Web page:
He asked to meet Murdoch in the afternoon before Fox's evening board meeting. That wheeling and dealing has echoes of TV hit Succession, about a media mogul and his family.

Iger said he had seen a few episodes. "There are things in it that remind me of a certain family that's been involved in the media business. But I think, you know, there's a lot of fiction in it as well."

'Cold feet' over buying Twitter

Iger's book reveals Disney also came close to a deal to buy Twitter, but he pulled the plug at the last minute. He says he got "cold feet" because it was "too controversial".

"I thought there were responsibilities we would have to take on in running Twitter in terms of its position in the world and its effect on the world," he says.

"While I was intrigued with what it might represent in terms of opportunity for us, I thought the responsibilities would burden us with things that would be potentially too distracting, too controversial, too challenging to manage."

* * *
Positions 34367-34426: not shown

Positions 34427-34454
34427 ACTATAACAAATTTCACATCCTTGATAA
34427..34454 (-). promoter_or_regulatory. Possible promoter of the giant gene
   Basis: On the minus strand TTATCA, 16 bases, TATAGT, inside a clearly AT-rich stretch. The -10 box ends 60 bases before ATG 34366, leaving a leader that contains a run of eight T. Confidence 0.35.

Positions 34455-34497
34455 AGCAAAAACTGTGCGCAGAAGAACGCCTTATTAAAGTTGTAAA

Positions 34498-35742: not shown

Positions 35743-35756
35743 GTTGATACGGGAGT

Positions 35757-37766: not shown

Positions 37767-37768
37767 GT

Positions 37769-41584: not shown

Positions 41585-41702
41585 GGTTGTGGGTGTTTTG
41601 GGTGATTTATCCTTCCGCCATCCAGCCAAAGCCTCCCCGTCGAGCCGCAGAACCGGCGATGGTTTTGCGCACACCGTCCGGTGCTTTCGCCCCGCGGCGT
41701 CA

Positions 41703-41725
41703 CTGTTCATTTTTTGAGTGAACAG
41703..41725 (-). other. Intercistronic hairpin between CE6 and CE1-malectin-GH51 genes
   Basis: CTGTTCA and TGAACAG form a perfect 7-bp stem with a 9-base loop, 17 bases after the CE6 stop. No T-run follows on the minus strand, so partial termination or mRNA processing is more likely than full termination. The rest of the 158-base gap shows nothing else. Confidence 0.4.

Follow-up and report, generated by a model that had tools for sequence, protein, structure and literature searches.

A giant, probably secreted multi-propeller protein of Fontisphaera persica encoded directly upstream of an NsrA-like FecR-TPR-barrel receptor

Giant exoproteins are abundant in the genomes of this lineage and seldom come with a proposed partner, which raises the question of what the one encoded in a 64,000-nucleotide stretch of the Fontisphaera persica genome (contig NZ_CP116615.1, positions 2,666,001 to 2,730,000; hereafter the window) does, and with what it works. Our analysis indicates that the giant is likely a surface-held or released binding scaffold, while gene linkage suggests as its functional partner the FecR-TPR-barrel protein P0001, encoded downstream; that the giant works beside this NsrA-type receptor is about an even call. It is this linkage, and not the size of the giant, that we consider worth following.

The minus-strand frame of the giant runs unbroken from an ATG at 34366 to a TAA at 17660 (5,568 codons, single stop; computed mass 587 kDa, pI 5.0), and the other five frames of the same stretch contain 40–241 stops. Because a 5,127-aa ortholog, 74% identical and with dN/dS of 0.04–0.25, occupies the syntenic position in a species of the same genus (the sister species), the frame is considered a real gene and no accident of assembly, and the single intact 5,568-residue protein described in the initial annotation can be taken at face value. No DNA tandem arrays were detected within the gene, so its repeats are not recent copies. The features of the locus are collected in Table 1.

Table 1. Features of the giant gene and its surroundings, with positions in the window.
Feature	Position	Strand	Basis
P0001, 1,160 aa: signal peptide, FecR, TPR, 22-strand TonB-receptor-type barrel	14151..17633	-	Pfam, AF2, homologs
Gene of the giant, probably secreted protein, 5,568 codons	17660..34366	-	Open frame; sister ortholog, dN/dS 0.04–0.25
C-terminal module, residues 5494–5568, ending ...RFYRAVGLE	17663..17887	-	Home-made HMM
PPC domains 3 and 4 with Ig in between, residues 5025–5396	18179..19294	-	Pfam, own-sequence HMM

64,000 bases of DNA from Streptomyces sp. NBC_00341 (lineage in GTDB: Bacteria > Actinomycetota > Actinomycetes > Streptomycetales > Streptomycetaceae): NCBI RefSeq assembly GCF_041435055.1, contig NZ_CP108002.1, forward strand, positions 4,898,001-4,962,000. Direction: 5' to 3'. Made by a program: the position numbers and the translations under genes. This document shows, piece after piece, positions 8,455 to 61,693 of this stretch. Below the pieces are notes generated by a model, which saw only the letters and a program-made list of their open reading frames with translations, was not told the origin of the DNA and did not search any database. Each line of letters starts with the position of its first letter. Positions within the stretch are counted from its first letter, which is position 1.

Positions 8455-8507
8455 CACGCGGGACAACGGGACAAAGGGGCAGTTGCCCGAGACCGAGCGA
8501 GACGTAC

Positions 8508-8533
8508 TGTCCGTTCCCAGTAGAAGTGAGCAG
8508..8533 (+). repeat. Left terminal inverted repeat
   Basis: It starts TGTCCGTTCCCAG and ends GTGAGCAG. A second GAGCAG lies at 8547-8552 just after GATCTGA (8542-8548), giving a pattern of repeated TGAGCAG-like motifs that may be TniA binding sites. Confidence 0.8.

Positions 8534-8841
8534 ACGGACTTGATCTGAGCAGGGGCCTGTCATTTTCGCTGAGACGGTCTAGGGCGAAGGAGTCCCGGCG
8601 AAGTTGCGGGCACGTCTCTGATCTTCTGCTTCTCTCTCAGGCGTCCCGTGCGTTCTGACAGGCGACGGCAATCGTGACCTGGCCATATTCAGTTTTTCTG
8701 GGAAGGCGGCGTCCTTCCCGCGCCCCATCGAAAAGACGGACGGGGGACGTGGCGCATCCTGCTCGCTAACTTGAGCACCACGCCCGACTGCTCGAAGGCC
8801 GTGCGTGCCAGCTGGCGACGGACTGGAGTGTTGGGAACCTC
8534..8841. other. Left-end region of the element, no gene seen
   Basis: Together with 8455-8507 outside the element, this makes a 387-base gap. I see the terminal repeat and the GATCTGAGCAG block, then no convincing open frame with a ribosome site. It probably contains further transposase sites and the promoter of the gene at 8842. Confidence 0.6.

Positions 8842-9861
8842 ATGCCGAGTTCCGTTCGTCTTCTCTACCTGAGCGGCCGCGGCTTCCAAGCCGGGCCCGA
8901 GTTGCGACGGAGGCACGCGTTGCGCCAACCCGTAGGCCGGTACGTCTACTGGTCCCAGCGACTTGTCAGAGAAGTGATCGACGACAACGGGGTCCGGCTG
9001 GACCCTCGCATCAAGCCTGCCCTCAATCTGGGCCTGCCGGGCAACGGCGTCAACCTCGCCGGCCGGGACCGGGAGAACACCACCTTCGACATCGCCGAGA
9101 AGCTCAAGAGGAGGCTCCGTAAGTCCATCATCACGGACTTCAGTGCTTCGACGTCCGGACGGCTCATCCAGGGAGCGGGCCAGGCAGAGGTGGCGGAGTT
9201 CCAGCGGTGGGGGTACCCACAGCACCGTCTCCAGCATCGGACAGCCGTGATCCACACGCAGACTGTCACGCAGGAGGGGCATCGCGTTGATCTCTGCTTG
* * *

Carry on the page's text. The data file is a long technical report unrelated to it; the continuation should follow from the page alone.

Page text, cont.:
Listen to the full interview with Bob Iger on BBC Sounds in Making the Mouse Roar.

It is customary in most examinations of a CEO's tenure to highlight errors and missed opportunities, find competitors who will bad mouth said individual, and, when it comes to those who lead global corporate giants, question whether any financial successes have been justly shared, within the company and across wider society. To immerse yourself in coverage of Bob Iger is to find journalists struggling and generally failing on all three fronts.

Mr Iger's reign at The Walt Disney Company does present challenges to even the most sceptical of journalists.